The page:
Building a great product is important, but tracking its impact on end-users is even more important in order to determine its effectiveness.
Being a software developer means that I spend most of my time writing code to build and maintain features, and fix bugs that are uncovered along the way.
As much as I position myself to be a product engineer that delivers product features to solve user needs, there is little visibility of the impact on end-users, which is reasonable because the analytics part of the work will be typically handled by a product manager or analytics manager.
I wanted to gain a first-hand experience in setting up simple analytics to track custom events in order to understand user behaviour. What better tool to start than the ubiquitous Google Analytics?
Set up Google Analytics
First, create a Google Analytics(GA) account, property, view.
Then, create a GA tracking code under property. It starts with ‘UA‘.
Finally, we just need to paste the provided code snippet in every web page that we want to track.
By default, that piece of code only tracks page view, which is fine. But, we also want to track custom events too.
Google Analytics with Single Page Application
Furthermore, if our website/webapp is a Single Page Application, only the first page load will trigger the page view event because GA event is only triggered when there is a full page load which sends a request to the GA server.
But for a SPA, subsequent page load after the first will not trigger a full page load.
So, we have to set up custom events to tell GA to track them.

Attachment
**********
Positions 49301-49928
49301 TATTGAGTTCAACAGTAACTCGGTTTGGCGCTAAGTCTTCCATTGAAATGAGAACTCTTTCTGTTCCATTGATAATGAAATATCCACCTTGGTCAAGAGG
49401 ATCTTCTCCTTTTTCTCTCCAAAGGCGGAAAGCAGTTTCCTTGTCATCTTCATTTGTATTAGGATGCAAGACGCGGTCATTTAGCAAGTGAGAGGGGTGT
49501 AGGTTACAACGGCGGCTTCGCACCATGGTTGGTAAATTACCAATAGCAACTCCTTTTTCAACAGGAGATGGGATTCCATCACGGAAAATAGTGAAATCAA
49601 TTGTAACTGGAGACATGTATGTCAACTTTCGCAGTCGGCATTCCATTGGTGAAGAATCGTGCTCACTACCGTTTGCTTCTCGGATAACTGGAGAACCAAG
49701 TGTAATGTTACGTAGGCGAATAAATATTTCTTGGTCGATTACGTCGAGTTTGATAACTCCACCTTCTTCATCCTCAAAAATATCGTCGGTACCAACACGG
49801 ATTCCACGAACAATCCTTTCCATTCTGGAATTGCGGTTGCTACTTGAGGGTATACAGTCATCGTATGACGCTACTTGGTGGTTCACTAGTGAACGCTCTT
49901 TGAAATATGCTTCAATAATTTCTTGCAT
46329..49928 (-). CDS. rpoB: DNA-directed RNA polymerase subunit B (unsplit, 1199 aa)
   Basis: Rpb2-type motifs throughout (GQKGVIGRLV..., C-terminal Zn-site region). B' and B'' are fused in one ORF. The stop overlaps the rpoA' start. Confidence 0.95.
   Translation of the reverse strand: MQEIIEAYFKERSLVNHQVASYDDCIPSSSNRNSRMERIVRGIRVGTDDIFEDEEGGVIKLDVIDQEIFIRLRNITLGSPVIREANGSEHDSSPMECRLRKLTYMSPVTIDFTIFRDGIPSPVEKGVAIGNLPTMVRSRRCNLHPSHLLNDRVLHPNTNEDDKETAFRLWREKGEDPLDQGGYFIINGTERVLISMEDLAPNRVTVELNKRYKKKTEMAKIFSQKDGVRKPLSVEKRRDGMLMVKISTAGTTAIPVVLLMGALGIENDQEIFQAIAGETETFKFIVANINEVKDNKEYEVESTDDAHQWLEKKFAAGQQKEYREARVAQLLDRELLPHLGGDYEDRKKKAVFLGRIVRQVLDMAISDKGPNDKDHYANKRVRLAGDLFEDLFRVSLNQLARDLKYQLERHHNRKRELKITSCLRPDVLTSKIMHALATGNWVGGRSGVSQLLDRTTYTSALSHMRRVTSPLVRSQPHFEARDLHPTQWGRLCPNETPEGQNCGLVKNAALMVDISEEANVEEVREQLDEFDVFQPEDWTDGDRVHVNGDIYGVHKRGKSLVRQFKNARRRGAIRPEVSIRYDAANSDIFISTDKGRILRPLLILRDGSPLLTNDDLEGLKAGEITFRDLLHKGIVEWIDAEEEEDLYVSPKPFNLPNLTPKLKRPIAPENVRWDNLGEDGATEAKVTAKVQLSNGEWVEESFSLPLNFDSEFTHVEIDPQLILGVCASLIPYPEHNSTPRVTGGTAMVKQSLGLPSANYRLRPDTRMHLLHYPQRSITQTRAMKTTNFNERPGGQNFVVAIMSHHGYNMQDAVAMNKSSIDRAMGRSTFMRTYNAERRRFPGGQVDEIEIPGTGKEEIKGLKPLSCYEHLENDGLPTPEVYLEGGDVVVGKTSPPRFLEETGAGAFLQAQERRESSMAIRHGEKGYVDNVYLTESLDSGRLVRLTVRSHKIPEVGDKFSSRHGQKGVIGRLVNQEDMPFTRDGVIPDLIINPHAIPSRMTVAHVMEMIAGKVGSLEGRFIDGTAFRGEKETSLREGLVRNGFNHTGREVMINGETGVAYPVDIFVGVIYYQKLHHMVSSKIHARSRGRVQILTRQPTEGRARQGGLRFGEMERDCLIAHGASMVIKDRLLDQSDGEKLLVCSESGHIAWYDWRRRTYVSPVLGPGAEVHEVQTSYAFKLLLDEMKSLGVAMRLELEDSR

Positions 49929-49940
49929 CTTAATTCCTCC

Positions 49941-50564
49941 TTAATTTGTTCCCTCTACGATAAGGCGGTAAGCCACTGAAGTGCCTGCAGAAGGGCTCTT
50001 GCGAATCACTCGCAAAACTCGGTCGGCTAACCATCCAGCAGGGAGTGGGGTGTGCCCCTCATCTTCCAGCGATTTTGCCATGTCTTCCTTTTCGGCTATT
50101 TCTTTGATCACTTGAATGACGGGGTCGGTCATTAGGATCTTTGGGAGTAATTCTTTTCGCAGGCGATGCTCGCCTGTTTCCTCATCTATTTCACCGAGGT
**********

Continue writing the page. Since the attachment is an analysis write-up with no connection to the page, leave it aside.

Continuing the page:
Also, I have chosen to use Google Tag Manager(GTM) to manage my GA tags. GTM simplify the management of various Google and third party tags.
Set up Google Tag Manager
1. Create a GA settings variable
This is used to configure GA settings across multiple GA tags.
Paste the GA tracking code in “Tracking ID“
2. Create a tag manager account in GTM.
Note down the tag ID which starts with ‘GTM‘.
3. Create a tag configuration
Create a tag configuration for Google Marketing Platform, and select the type of event to track(page view, custom event, etc).
4. Create a tag trigger
Create a trigger to let GTM know when to fire a particular event. Afterwards, we can use the event name to fire this event.
5. Set up event variable
Create a dataLayer variable, which we will send from our SPA.
6. Send custom event in SPA
I use Next.js for my SPA, which is based on React.
There are different GTM libraries for React. I chose react-gtm.
After setting it up, I discovered another GTM library called react-gtm-hook, which is based on React hooks and offers a slightly better developer experience. I may try it out in the future to see if it is better.
A side note: I noticed that the “dataLayer” data that gets sent to GA contains data from all preceding events, which is a little annoying. I am not sure if this is supposed to happen or I used it wrongly.
7. Test it in preview
Clicking on the “preview” button will bring up a new page that opens up the GA debugger that connects to your website.
8. Publish the changes
Remember to hit the Submit button. This can be a frustrating fix to the problem of “it doesn’t work” because we forgot to publish the changes.
9. Check GA real-time reports
Finally, to make sure the custom event is set up properly, go to GA real-time reports -> events. Trigger some events on the website, which should appear in the real-time dashboard after a second or two.
This is all for the basic setup of tracking a SPA with Google Analytics via Google Tag Manager.
Learn about Google analytics and Google Tag Manager: Google analytics academy